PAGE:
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The World Under Attack: Plastics Are Killing Us


It’s a numbers game. When two opposing armies meet on the battlefield, the army with the most soldiers has a distinct advantage over the other.

The greater the number of the enemy, the more strength is required to overcome it. But in the battle against plastics, humanity is in a very disadvantageous position. And the numbers say it all.

Well, experts point out our plastic pollution nightmare could be another price we pay for our rapid advancement. And unless you’ve been living in a cave somewhere in the Himalayas as a Tibetan monk, you’d agree. Our plastic pollution problem is getting out of hand. A little math should be telling.

Learn about: Ocean Sustainability

Every year over eight million tonnes (metric tons) of plastic are dumped into the ocean. At that rate, experts estimate that by 2050 there will be more plastic than fishes inhabiting the sea. It is also feared that almost every bird on the planet will have ingested plastic into its system. Now, if that is not staggering enough, think about this: Earth’s oceans contain an estimated 5 trillion particles of microplastic. That number is equivalent to all the stars in our galaxy multiplied by 500.

The United Nations has already declared war against plastics in our oceans. And you should too. Here’s a brief on how you can enlist yourself in the war against our very own creation, multiplying astronomically because of our very own habits.

War on Plastics: A Humongous Problem We Created

Plastics were created to answer a need. Over time, man’s synthetic answer to the growing problem of need has become a huge problem in itself. Talk about a monster creation.

In 1869, John Wesley Hyatt discovered a material that he can shape at will by treating cellulose with camphor. He did it in answer to a New York firm’s $10,000 offer for anyone who can come up with a substitute for much-sought-after ivory, a product taken from elephant’s tusks.

As revolutionary as Hyatt’s discovery was, it would be Leo Baekeland in 1907 who would first invent the first fully-synthetic plastic, calling it Bakelite. Meaning, this material has no element from nature whatsoever.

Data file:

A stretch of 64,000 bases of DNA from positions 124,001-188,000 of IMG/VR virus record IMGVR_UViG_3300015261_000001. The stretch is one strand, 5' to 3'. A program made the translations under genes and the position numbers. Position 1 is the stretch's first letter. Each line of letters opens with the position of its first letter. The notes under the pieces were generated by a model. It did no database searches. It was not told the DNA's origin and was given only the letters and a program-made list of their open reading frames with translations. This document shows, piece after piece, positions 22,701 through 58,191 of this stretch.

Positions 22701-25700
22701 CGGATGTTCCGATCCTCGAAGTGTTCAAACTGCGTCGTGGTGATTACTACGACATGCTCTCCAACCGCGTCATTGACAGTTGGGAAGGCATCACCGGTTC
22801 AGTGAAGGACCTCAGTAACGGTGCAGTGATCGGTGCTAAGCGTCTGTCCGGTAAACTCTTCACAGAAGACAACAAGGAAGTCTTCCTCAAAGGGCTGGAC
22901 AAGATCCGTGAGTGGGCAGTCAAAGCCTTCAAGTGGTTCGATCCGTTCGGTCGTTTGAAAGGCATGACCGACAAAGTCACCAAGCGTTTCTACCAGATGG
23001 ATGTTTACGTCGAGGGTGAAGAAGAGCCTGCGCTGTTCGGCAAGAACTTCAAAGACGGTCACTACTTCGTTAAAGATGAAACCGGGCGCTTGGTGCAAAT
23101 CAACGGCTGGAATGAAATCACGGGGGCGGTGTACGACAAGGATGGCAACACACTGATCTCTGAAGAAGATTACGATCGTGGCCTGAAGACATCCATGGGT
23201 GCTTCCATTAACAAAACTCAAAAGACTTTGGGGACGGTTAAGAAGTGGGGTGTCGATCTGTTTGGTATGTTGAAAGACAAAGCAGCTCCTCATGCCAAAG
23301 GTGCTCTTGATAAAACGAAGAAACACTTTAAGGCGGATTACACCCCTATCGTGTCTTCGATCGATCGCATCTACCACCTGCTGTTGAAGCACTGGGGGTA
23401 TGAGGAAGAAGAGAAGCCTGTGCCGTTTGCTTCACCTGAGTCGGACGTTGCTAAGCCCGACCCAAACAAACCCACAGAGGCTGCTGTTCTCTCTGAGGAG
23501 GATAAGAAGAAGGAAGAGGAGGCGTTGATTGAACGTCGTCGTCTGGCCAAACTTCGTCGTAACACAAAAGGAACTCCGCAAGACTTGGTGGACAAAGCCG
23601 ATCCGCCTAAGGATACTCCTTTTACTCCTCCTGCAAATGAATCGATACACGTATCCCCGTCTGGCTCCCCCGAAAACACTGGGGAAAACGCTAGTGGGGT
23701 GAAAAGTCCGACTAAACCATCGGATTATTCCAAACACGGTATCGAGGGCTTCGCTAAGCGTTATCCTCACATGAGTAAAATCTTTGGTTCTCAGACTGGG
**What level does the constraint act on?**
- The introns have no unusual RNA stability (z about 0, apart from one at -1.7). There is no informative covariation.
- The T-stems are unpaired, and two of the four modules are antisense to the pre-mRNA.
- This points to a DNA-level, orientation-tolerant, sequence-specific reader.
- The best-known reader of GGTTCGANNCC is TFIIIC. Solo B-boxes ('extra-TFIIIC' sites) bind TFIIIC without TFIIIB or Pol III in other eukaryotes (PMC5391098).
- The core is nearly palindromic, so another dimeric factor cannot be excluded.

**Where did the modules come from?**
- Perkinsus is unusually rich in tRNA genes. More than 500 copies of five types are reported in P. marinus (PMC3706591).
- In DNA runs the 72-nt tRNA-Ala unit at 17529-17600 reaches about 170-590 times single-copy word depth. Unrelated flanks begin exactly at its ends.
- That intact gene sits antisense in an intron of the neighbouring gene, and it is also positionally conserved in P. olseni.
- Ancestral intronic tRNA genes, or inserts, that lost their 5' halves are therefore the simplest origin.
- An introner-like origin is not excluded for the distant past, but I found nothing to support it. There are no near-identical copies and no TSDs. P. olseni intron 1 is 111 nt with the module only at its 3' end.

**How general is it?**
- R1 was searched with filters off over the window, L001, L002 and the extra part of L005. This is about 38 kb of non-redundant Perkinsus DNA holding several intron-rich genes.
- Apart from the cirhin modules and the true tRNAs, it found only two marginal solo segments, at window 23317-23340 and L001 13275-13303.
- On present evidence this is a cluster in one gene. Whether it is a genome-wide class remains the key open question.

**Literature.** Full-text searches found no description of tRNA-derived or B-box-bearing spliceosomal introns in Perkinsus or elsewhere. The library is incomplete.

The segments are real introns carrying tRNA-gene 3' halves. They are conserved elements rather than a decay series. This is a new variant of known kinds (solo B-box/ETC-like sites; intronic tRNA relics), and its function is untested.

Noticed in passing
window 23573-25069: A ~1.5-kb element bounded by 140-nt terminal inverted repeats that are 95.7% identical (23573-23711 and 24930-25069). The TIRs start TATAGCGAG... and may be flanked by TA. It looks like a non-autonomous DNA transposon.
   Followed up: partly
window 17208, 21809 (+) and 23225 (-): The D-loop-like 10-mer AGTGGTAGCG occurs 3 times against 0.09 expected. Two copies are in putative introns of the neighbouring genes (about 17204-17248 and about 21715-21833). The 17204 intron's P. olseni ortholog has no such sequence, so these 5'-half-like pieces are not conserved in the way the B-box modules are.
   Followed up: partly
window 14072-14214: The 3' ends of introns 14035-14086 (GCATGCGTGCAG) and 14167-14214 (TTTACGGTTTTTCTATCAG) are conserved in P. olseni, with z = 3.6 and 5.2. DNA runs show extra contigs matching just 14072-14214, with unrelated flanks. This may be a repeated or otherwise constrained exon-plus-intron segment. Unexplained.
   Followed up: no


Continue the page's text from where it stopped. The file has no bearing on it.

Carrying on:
Hyatt’s and Baekeland’s successes would spur major chemical companies to look for more synthetic polymers. Add that to the demands of World War II, where synthetic materials were favored over natural sources, the production of synthetics ballooned. Nylon was discovered in 1935, for instance, to be used in parachutes, body armor, and helmet liners.

Plastic did answer to man’s need. But at what cost.

Evidence showed 9% of seabirds today have plastic in their stomachs. Already, it’s estimated two-thirds of the seabird population have been decimated. Imagine the health risks this poses to humans.

Worse, as plastic doesn’t decompose, we could be eating the plastics we threw away. Fishes and all sorts of marine animals that we serve as food ingest microplastics become part of their system. And in the process, become part of ours.

Being Part of the Solution

The ocean that has become our planet’s garbage dump did not happen overnight. Each human on Earth doing his part can go a long way in solving the problem.

The problem with plastic is bound to take a long, long time to solve. As it’s nonbiodegradable, the synthetic material is bound to last for centuries (from 400 to 1,000 years)in our oceans.

A good way to start is to wean yourself off whatever disposable plastic you’ve been using before. You can do this by using alternative methods.

For instance, when shopping for your daily needs, you can use reusable grocery bags. They’re not only strong enough to carry your groceries home, but you can also use them for a long time. Plus, you save a lot in the long run as you won’t have to be charged for plastic bags every time you do your shopping.

Best of all, you’re helping the planet.

Another habit you should be doing away with is the use of bottled water. Over 8 million tons of plastic bottled water are thrown into the ocean every year. Invest in a good water filter and use reusable bottles instead.

As for straws, use an alternative method: glass or stainless steel. When you go to a coffee shop, bringing along a reusable coffee cup is one less plastic cup to pollute the planet.

Even better, you can be part of a global campaign to rid the planet of synthetic plastic.

This is a matter of having a better planet. It’s a must. So long as humanity moves as one in the fight against plastic, we win. A win that will be celebrated not only by us but our children’s children.


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